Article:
The unwanted characters typically are formatting commands built into the originating program. The problem is that not all programs use the same formatting commands. For example, what might be a command to “use bold text” in one program could insert curly braces {} into the receiving program.

One-Click Publishing of an eBook Directly from Google Drive

Genealogists, engineers, teachers, and thousands of others have an interest in publishing books. Traditional publishing methods have made it difficult to publish your own book, but modern technology is changing the process dramatically. Publishing a book is becoming easier and easier almost daily. A new service called Liberio provides simple ebook creation and publishing straight from Google Drive. Best of all, Liberio is available free of charge.

Publishing your own books is now only a push of a button away. The ebook you produce can be read on almost any computer, tablet, Kindle, iPad, Android smartphones and tablets, or any similar device used as an ebook reader.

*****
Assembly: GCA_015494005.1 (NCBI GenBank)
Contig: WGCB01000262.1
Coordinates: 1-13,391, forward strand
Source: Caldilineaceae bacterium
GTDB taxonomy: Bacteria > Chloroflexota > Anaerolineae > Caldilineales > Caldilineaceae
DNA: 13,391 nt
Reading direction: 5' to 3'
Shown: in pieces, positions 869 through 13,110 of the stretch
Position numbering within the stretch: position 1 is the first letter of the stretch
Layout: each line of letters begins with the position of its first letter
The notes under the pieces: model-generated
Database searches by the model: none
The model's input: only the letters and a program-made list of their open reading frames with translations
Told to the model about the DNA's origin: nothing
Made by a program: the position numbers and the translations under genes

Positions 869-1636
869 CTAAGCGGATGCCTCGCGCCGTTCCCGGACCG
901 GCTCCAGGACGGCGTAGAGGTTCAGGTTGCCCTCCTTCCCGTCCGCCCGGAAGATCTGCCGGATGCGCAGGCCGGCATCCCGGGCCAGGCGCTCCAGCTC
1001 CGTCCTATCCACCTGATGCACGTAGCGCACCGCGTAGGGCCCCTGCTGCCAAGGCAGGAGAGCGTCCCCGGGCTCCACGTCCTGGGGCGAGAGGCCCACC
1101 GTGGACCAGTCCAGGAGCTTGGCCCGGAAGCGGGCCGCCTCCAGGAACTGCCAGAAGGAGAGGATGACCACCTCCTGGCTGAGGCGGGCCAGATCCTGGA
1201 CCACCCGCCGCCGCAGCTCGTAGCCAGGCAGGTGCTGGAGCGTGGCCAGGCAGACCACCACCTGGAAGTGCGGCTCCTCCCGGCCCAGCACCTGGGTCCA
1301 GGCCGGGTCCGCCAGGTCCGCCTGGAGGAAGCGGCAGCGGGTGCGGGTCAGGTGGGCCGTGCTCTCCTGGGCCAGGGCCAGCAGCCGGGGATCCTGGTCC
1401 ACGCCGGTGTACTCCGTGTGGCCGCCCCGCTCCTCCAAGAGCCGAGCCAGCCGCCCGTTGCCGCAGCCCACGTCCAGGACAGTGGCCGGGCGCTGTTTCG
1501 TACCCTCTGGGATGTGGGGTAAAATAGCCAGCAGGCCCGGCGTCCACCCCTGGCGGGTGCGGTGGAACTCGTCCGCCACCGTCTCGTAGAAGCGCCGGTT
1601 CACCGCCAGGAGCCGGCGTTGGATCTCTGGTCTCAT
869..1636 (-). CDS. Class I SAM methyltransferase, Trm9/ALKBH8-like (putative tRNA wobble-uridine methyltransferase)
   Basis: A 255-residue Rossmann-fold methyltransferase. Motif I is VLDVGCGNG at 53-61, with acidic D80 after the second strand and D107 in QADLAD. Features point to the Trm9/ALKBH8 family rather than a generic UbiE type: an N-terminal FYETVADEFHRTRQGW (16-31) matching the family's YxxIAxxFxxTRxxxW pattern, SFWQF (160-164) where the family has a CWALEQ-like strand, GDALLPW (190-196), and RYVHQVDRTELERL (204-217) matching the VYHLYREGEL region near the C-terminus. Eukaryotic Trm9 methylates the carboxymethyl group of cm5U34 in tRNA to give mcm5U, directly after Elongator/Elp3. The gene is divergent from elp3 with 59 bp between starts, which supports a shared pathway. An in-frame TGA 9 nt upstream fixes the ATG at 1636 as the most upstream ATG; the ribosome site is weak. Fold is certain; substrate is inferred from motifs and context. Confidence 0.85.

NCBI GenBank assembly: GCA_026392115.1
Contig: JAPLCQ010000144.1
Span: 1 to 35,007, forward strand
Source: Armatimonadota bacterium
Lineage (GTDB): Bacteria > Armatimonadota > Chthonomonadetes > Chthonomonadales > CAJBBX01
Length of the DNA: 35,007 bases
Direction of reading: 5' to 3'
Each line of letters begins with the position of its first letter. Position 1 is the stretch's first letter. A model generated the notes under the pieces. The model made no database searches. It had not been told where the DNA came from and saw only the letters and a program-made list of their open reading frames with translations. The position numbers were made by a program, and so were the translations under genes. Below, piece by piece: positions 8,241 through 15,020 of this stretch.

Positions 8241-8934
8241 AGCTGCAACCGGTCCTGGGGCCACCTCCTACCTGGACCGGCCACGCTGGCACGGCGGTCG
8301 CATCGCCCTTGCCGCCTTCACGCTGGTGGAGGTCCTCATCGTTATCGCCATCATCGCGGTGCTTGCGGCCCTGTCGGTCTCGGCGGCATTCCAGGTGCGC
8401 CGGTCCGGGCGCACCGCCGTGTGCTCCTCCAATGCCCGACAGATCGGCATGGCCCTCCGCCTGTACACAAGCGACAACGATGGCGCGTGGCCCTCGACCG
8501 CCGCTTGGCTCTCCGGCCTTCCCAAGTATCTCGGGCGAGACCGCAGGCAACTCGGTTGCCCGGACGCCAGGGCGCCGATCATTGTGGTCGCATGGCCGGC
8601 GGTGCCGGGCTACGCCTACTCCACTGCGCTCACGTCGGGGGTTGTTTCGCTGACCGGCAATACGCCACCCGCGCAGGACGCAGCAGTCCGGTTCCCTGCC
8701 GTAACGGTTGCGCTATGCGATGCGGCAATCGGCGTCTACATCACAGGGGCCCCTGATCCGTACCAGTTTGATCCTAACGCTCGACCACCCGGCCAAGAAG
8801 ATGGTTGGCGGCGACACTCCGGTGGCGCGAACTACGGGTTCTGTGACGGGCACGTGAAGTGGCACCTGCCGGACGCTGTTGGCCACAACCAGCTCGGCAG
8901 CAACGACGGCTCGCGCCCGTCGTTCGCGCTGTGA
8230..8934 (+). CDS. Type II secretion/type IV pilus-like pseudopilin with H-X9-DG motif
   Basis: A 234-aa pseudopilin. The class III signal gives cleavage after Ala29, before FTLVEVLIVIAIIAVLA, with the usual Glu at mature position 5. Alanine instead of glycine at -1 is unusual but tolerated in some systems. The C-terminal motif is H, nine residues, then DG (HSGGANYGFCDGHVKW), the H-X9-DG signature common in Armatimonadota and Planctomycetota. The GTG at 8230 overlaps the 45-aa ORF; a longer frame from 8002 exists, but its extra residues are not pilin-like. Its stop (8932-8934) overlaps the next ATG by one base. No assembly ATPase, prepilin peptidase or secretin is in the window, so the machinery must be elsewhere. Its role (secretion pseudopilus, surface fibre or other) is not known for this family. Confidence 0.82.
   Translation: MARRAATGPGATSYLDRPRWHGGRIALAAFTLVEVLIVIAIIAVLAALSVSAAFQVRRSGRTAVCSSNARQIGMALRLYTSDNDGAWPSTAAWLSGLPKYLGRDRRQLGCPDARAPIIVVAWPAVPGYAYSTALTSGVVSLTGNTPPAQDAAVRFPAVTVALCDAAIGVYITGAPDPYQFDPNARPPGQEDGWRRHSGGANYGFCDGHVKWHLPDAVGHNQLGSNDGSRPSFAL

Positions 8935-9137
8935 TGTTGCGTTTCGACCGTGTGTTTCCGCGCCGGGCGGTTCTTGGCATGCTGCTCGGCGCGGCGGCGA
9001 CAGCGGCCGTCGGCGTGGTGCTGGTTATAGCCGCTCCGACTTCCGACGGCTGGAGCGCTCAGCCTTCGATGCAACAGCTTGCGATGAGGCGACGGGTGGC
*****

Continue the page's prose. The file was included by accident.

Relative History, a Windows 8 Genealogy App, is Now Available

Software developer Philip Colmer has released a beta version of Relative History, a Windows 8 genealogy app. The beta version allows users to test some of the editing functionality that is being added to the app. The release supports the adding, editing and deleting of media, source and repository records as well as source and repository citations.

Quoting from the description in the Windows Store:

Create a Family Tree Chart in Excel

Microsoft has created a free template to create a five-generation family tree chart. It has space for each family member’s name and title. There’s very few “bells and whistles” in this template. There is no automatic importing of data or anything else. Simply download the template and manually enter the data. You can then print a very nice-looking five generation chart.